Is it indigestion or a heart attack?

In the UK, one person has a heart attack every three minutes, 30% of which are fatal. So the sooner help is provided, the better. Therefore, it is essential to recognize the symptoms or have indigestion and know what to do.

What are the signs of a heart attack?

When an artery in the heart is completely blocked, a heart attack occurs. This means that the part of the heart supplied by this artery lacks oxygen-rich blood, and the muscle is at risk of death without medical help.

 The earlier the treatment, the more power you can save. “The most common signs of a heart attack are severe, crushing, and severe pain in the chest,” said Dr. Andrew Archbold, a consultant cardiologist at BMI at Independent Hospital in London.

It is usually diffuse pain that starts in the center or left side of the chest, usually radiating to one or sometimes both arms or chin. “However, Dr. Archbold said, this is not a kind of pain.

You can point your finger and say, “It hurts here,” just like a muscle strain. It also doesn’t usually appear on its own: people who have a heart attack feel nauseous (and may even vomit), sweat, clammy, or breathless. Some say they have also experienced feelings of fear or doom.

Could it be anything else?

Since the pain experienced during a heart attack cannot be precisely located and is usually mild. It may be mistaken for other types of chest pain, such as indigestion or angina. Angina pectoris is an early warning sign of the narrowing of the arteries.

Your main symptom is chest pain, so when it first appears, you may think you have a heart attack. “Angina pectoris begins with fatigue but disappears quickly with rest,” Dr. Archbold said.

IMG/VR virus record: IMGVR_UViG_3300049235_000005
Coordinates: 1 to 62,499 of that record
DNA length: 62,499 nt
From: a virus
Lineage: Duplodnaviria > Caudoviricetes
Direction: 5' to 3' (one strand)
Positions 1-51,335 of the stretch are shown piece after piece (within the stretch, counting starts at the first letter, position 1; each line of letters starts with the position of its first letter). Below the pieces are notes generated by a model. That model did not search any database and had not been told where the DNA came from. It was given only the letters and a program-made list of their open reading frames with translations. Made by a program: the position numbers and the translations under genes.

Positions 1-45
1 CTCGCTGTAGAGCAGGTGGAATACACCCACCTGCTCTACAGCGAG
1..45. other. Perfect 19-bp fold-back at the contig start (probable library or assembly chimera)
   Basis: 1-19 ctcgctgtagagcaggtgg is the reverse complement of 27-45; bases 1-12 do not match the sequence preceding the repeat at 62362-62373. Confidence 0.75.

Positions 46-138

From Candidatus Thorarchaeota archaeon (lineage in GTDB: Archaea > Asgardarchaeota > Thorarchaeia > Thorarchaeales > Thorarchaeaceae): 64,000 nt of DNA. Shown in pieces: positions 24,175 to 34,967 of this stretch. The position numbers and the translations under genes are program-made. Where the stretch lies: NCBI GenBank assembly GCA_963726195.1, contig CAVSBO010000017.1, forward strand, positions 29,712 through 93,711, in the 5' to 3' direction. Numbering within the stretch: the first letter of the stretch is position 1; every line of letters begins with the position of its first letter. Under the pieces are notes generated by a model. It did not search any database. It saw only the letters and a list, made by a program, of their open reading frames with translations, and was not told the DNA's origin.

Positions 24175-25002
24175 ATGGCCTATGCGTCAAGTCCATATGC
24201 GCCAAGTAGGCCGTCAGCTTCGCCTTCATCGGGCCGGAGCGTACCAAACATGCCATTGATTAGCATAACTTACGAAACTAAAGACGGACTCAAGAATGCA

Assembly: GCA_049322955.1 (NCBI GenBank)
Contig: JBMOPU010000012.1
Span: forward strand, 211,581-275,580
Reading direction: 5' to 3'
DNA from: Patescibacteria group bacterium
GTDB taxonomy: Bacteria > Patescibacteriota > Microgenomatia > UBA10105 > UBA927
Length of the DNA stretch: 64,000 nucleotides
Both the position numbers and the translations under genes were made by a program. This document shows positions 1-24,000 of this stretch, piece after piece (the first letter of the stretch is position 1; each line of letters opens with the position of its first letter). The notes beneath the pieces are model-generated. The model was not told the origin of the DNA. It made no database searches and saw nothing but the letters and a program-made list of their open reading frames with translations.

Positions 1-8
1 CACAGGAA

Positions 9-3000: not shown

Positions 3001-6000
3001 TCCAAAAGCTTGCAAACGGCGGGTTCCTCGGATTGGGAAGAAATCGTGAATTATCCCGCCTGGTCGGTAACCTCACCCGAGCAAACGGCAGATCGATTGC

If your symptoms start while sitting still, do not slow down while resting. If you have been diagnosed) do not stop after using regular angina treatment, call an ambulance.

The symptoms of a heart attack may be the cause of chest pain. Especially if you have eaten a large meal or spicy food an hour before the symptoms appear. Dr. Archbold said: “Even doctors don’t always tell the difference without an EEG or blood test. But it’s better to be safe than sorry.”

Does everyone get the same heart attack symptoms?

 About 10% of people have atypical manifestations. They feel chest pains, but they are not severe enough and need immediate help,” said Dr. Kamal Chitkara, a consultant interventional cardiologist at BMI Park Hospital in Nottingham.

 “This is especially common among people with diabetes. Because nerves sometimes change the sensation, the pain is not so severe. “Those who suffer from slowly progressing heart disease do not always have severe pain.

Dr. Archbold said: “If your arteries gradually narrow, your body will create new channels, called collateral branches, through which blood flows. These channels. When the narrowed arteries are finally blocked during a heart attack, they will still be effective and relieve symptoms such as chest pain. “

Do women get the same symptoms?

Women, especially premenopausal women, do not necessarily “continue” heart attacks as seen in movies. A study published in the journal Circulation found that only 30% of women have the classic symptoms of chest pain, and in many cases, this symptom is more painful than pain. Instead, they have symptoms such as shortness of breath, weakness, nausea, stomach upset, or back pain, which are extremely difficult to diagnose as a heart attack.

 It was discovered that extreme fatigue was the most common symptom a month before the onset. If you suddenly find yourself unable to complete regular tasks such as making a bed without rest, please see an emergency doctor.

What to do if you suspect a heart attack

If you are worried, be sure to dial 999-the main reason people die of heart attacks is not seeking help in time. If you suspect that you have a heart attack and can safely take aspirin, chew and swallow a pill (300 mg is best) because it may start to thin your blood.

Then lie down, raise your head, and wait for rescue Coming,” said Dr. Chitkara. If there is no aspirin nearby, don’t look for it. The effort of climbing the stairs to the bathroom cabinet may put extra stress on your heart. Keep calm and remember that help is on the way.

Once they receive professional medical care, most people who have a heart attack will fully recover. After a few months, you should recover and return to your everyday life.

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